RGIII
14. Robert Griffin III
Fantasy owners that drafted RGIII had to be disappointed. He had his fair share of quality games, but overall a disappointing season with just 16 touchdowns and 12 interceptions. He will have a chance to turn it around with Desean Jackson coming from Philadelphia and Pierre Garcon returning. He will also have Jordan Reed coming back from injury which should give him a good tight end option. However, it is tough to trust his health and whether he will get back to rookie form. He takes a few too many hits and relies on his legs too often. There is a chance he can come back and be a top ten quarterback again with new deep threat Desean Jackson, but I’d much rather spend a high pick on a quarterback that is going to be consistent and healthy.

Jay Cutler
15. Jay Cutler
As far as fantasy production goes, Jay Cutler is actually pretty consistent. In every game that Jay Cutler finished, he had at least one touchdown and double digit fantasy points. He did struggle to stay healthy, but was having a very good year outside of that. Part of the reason is his offensive weapons and a very improved offensive line. Alshon Jeffery and Brandon Marshall may be the best 1-2 punch at the wide receiver position. They also have a good red zone target with tight end Martellus Bennett. Jay Cutler has the potential to be a top ten fantasy quarterback with the offensive weapons around him and his strong arm. It is just a question if he can be consistent all season and stay healthy. He has never played a full 16 game season in Chicago or thrown for over 27 touchdowns. This could be the year he breaks out.

Ben Roethlesberger
16. Ben Roethlisberger
For being 16th on this list, Ben Roethlisberger really is a great top end backup option. He finished 12th in fantasy points last year and was very consistent almost the entire year. He had a pretty good year with new number one wide receiver Antonio Brown. However, this off season he lost his number two wide receiver in Emmanual Sanders. If he can continue off last season where he stayed healthy and threw the most touchdowns for him since 2007, you should have yourself a very good backup or fringe fantasy starter.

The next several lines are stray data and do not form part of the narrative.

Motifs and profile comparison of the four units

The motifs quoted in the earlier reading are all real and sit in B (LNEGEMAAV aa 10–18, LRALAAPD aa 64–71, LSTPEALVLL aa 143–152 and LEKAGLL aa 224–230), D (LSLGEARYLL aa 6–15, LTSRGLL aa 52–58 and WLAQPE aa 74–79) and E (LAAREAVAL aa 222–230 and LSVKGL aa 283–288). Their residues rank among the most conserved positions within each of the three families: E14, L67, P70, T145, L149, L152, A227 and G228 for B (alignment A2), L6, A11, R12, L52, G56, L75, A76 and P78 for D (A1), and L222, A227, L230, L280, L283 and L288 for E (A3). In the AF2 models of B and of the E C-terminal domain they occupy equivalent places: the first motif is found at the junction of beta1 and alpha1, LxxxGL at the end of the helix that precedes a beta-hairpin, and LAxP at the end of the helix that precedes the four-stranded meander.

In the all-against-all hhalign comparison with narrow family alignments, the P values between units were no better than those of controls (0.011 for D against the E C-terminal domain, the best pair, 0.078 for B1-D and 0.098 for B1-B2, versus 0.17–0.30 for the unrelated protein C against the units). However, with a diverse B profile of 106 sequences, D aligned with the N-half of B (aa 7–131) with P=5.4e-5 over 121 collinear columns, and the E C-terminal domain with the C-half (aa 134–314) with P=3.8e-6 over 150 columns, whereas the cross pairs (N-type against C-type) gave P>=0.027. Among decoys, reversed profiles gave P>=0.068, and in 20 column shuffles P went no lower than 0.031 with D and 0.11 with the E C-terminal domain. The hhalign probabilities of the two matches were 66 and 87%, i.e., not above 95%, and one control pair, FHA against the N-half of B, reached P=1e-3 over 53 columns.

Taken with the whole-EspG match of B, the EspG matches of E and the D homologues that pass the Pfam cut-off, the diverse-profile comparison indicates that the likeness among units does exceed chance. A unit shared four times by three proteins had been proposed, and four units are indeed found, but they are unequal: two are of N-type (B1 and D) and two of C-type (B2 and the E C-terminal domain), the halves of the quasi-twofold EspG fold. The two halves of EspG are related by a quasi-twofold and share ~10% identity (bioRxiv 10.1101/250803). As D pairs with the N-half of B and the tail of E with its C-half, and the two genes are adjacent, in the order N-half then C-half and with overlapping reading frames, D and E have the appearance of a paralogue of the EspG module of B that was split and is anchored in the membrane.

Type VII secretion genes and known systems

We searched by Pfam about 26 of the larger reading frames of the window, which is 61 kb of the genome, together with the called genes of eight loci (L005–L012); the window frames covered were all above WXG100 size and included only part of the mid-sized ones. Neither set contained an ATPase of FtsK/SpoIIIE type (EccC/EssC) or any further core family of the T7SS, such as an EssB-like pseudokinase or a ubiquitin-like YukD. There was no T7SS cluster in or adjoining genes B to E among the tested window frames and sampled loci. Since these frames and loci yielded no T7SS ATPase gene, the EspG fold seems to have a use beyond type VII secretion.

Andy Dalton
17. Andy Dalton
Peyton Manning, Drew Brees, Cam Newton, Andrew Luck and… Andy Dalton? Yes that’s right, Andy Dalton finished as the fifth highest scoring quarterback last year. However he played incredibly inconsistent this past season. He had four games with scoring single digits and also three games with over 30 points. He had a career high in touchdowns and interceptions, if he can cut down the interceptions and become more consistent look for him to be a viable starting fantasy option this year. He does have a lot of talent around him as his top wide receiver AJ Green is unbelievable along with Marvin Jones who had a career year. The tight end position is stacked also with Tyler Eifert in his second year and Jermaine Gresham still there. Andy Dalton could make a fantasy owner very happy if he can cut down on the turnovers. His struggles at times throughout the season causes me to hesitate to draft him as my top quarterback, but his ability to put up big numbers makes him have upside as a possible every week fantasy starter.

Josh McCown
18. Josh McCown
Josh McCown is the wildcard at the quarterback position. He did a great job replacing Cutler when he was out with an injury and put up some very good numbers while in. Now he has moved on to Tampa Bay as he will be taking the starting role with some talented players around him. He has very similar wide receivers in Tampa Bay like he did in Chicago with two big targets in Vincent Jackson and newcomer Mike Evans. They also have Doug Martin coming back from injury to take some of the pressure of McCown. However, it is very risky to trust a 35 year old quarterback whose track record before this has been mediocre at best. It’s a risk taking McCown, but if you can get him late enough it could pay off if he continues of his breakout year from last year. Last year could also be a bit of a fluke and he could possibly continue the same struggles he had earlier in his year. Personally, I think he will be a fringe fantasy starter, but the risk is too great to take him high.

Eli Manning
19. Eli Manning